“We’re 10 percent of the contract,” Ellis said referring to the $800,000 that EverGreene is being paid for its work, “but we’re going to get 90 percent of the attention.”

The total cost of the Colonial restoration is expected to total $13.5 million.

“I personally love theaters,” said Greene, pointing to their “fantasy architecture.”

Greene, whose company restored the Musical Hall theater in Portsmouth and regilded the Statehouse dome, said he first became aware of the Colonial about 10 years ago when he heard there was an effort underway to revive it. He started paying closer attention when the Belknap Economic Development Council, in collaboration with the city, purchased the 38,642-square-foot complex, of which the theater itself represents about 20,000 square feet.

Green visited the Colonial between six and eight times while the city and BEDC were working to put a financing package together.

Ed Engler, who was mayor when the project was announced in 2015 and when the financing was pulled together last year, and for whom the auditorium will be named, said the Colonial will give the city a first-rate civic auditorium.

Many see the Colonial as being the catalyst for a long-hoped-for revitalization of downtown.

“This will anchor downtown and lead to a resurgence,” Gary Groleau, chairman of the Colonial Oversight Committee, said.

Greene believes the restoration of the Colonial has the ability to capture public interest and support in a way that other buildings could not.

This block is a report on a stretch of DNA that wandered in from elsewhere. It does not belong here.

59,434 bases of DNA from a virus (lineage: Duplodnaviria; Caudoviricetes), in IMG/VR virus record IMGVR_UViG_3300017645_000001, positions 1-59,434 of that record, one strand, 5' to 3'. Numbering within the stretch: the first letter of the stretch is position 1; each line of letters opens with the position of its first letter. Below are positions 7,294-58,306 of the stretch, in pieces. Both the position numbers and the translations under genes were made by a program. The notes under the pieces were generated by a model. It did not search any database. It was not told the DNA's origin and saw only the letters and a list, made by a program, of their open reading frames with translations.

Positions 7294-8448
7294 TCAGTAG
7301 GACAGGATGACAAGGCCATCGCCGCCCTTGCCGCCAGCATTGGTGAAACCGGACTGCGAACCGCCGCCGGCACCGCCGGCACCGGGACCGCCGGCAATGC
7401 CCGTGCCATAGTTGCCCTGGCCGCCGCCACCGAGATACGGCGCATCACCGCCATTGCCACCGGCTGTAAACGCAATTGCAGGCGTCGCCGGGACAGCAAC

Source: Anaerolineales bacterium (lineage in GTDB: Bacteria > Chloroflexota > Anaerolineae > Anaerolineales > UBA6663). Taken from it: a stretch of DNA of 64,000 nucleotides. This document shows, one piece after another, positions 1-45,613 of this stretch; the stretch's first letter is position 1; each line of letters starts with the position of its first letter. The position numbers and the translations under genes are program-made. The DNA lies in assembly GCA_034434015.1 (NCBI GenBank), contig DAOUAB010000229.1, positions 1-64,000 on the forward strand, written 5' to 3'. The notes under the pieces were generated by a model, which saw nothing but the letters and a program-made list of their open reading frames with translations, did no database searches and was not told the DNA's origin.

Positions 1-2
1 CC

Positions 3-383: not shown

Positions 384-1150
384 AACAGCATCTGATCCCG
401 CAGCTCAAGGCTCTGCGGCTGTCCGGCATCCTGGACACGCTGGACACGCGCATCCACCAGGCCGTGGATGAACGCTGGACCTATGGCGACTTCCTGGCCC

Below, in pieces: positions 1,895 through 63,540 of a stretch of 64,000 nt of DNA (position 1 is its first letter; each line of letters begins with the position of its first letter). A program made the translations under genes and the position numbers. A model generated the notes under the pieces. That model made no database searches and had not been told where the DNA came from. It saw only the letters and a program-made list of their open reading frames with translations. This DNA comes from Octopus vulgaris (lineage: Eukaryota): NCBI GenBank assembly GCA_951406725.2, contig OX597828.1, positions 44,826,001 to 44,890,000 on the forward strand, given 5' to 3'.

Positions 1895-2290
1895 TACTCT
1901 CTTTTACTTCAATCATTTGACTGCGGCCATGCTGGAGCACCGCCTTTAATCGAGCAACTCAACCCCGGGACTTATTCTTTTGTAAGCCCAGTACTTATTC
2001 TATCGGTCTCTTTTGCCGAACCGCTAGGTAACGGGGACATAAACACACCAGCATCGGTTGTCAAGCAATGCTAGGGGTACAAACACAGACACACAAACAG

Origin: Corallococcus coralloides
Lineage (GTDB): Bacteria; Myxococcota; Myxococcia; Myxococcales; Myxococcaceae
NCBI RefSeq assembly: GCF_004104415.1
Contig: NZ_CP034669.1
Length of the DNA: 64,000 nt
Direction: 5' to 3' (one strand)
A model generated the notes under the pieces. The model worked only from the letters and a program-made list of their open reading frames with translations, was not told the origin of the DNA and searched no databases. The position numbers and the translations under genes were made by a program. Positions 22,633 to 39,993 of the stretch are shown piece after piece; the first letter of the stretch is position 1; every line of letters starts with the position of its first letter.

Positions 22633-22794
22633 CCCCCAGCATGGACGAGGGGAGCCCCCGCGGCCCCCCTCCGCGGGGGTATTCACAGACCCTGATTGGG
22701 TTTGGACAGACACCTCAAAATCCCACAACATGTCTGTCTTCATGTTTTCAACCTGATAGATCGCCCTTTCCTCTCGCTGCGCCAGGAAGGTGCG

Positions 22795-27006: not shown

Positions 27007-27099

“Historic theaters are a repository of people’s memories which you don’t have in the same way in a modern building,” he said. There is an almost-magical feeling about them. “Theaters imbue of quality that enhances the experience” for both performers and the audience, he remarked.

“When they are a success [historic theaters] are the largest secular gathering place and so they can have a big impact,” Greene said.

According to a study by the League of Historical American Theaters, a single historic theater in a small city has the potential to sustain 39 full-time-equivalent jobs, create $1.4 million in total expenditures, generate $125,000 in revenue for state and local governments, and add $775,000 to household incomes in the host community.

While the long-term success of a project such as the Colonial depends on the ability to put together a calendar of high-quality programs, Ken Stein, the league’s president and chief executive officer, said historic theaters can leverage financial support that would not occur with newer venues.

“Seeing a show in a historic venue is an unusual experience,” Stein said. “It’s going to get a better response. And,” he emphasized, patrons ”not only buy tickets, but they also make donations.”

Restored theaters, Stein explained, satisfy the public’s yearning for “kinder, gentler times.”

They are where an audience sees a play or concert in a place which, for decades, according to Ellis, “everyone would meet and everyone was one.”